It may have come after a penalty shoot-out, but even so, it was a result that South American football badly needed. In the Copa Sudamericana, Deportivo Tachira of Venezuela eliminated Santos of Brazil to qualify for the quarterfinals. True, this is not quite the Santos squads that featured Pele in the 1960s, who were probably the best side in the world at the time. But they are still a strong team.
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Santos have excelled in youth development — and in the likes of striker Marcos Leonardo, winger Angelo, midfielders Sandry and Vinicius Zanocelo and defender Kaiky, the current team is loaded with promise. Santos were overwhelming favorites to qualify, and badly wanted to make progress in the competition. During the penalty shootout, manager Fabian Bustos could not even bring himself to watch as his side lost.
The Tachira players celebrated wildly at the end, and many around South America will celebrate with them. They have done a little bit to reduce the domination of Brazilian sides which is starting to become a problem for South American club competitions. The quarterfinals of the main event, the Copa Libertadores, will be entirely restricted to teams from Brazil and Argentina.
The second round of the Sudamericana has managed to spread things round more evenly. All ten countries had at least one representative. But Brazil are dominant once more. There is the certainty of two Brazilian teams in the last eight, the near certainty of three and the possibility of four — and Santos were on the cusp of advancing. No other country will have more than one quarterfinalist.
This gap between Brazil and the rest is only likely to get bigger. Brazilian clubs are now opening up to foreign capital, and their scouting work around the continent has improved massively. Boca Juniors, for example, were very keen on bringing Arturo Vidal back to South America, only to see Flamengo swoop in for the Chilean star. There was no way that Boca could compete.
Any rise in the standard of the domestic Brazilian game is to be applauded. But the disparity is starting to create a problem. Can the Libertadores retain its prestige if, as would surely seem to be the case this year, it is little more than an alternative version of the Brazilian Cup? And matters are surely not improved by a Brazilian domination of the Sudamericana.
In this context, then, the triumph of Tachira over Santos is a tiny victory for competitive balance. Tachira narrowly failed to make the last-16 of last year’s Libertadores, and only fell a point short this year — though conceding 14 goals in six games is clearly cause for concern. They lost 4-0 and 4-1 to Palmeiras, went down 4-1 at home to Emelec of Ecuador and picked up almost all their points against the very weak Bolivian debutants Independiente Petrolero.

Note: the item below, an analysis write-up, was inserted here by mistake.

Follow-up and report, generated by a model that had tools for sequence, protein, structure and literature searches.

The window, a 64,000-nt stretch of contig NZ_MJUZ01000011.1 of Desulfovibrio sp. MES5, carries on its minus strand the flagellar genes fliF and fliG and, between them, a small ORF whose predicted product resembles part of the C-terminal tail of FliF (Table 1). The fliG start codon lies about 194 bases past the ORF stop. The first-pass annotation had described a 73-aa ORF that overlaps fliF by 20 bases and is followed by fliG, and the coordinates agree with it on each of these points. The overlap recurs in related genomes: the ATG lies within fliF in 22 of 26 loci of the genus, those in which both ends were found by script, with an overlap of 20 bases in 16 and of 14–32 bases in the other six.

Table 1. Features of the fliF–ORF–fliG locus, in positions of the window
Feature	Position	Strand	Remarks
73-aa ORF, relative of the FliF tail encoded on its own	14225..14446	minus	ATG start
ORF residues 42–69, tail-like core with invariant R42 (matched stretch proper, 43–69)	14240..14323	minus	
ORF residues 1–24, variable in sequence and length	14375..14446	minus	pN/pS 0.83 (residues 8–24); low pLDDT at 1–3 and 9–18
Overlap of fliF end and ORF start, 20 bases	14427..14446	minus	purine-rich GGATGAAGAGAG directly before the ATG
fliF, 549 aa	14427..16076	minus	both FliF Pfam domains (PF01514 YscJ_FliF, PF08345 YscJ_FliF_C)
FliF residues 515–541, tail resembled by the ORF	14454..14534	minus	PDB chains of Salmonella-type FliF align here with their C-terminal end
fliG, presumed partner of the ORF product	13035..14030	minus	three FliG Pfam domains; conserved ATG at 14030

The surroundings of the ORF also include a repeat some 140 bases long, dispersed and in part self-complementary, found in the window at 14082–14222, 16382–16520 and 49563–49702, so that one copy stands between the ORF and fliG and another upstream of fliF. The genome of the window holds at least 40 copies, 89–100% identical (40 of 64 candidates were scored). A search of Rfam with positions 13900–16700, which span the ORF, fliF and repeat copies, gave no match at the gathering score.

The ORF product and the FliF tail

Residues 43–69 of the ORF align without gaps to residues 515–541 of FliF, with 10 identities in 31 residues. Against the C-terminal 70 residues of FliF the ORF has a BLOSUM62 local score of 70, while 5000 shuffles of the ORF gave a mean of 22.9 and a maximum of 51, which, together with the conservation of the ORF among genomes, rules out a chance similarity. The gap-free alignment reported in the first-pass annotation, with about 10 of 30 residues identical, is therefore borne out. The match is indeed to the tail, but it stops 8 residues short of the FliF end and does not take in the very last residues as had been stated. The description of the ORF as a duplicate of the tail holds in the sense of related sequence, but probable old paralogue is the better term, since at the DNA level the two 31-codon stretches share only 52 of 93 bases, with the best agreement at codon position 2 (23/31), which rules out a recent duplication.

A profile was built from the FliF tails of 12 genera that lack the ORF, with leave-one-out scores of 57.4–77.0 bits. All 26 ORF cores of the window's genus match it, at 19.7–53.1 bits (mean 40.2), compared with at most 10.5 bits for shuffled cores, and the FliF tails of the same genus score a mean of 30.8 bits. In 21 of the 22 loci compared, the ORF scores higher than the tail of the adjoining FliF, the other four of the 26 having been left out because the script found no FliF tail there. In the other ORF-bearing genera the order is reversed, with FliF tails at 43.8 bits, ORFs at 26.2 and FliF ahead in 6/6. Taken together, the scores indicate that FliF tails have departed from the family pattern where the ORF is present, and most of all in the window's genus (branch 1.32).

Coming third in the group won them a place in the second round of the Sudamericana — but when they drew Santos, few gave them much hope of progressing. Instead, they were never behind in the tie. Both games finished 1-1 and both times the Venezuelans took the lead. Santos snatched a late equalizer in the first game, and managed to draw themselves level with twenty minutes to go in front of their own fans, but by this time they were already down to ten men, and Tachira were able to hold on for the shoot -out — where young keeper Christopher Varela excelled.
Most of his teammates are experienced players, some of whom have played abroad. There is only one other starter under 25 — teenage attacking midfielder Yerson Chacon, the son of a former club stalwart, who is frail in physique but full of interesting ideas. Chacon is an example of the success of youth development in Venezuelan football over the last few years. But the simple economics of the situation means that he is unlikely to stay at home for long. His path could be something similar to that of winger Yeferson Soteldo, who first went to Chile before enjoying a splendid spell in Brazil — ironically with Santos — before heading on to Toronto FC in Major League Soccer and now on to Liga MX’s Tigres UANL .
This is the food chain for South American players. If they show promise then they will soon be packing their suitcase. They might be heading to Brazil, where they will be sharing a dressing room with big name stars who are back in South America rounding off their careers, or with fine players who were unable to settle in Europe but still have plenty to offer.
The trends, then, would all seem to be pointing in the direction of a Brazilian domination of South American club competitions. But once in a while the gloriously unpredictable nature of football asserts itself and an upset occurs — and that has now happened with the mighty Santos falling to the unheralded Deportivo Tachira of Venezuela.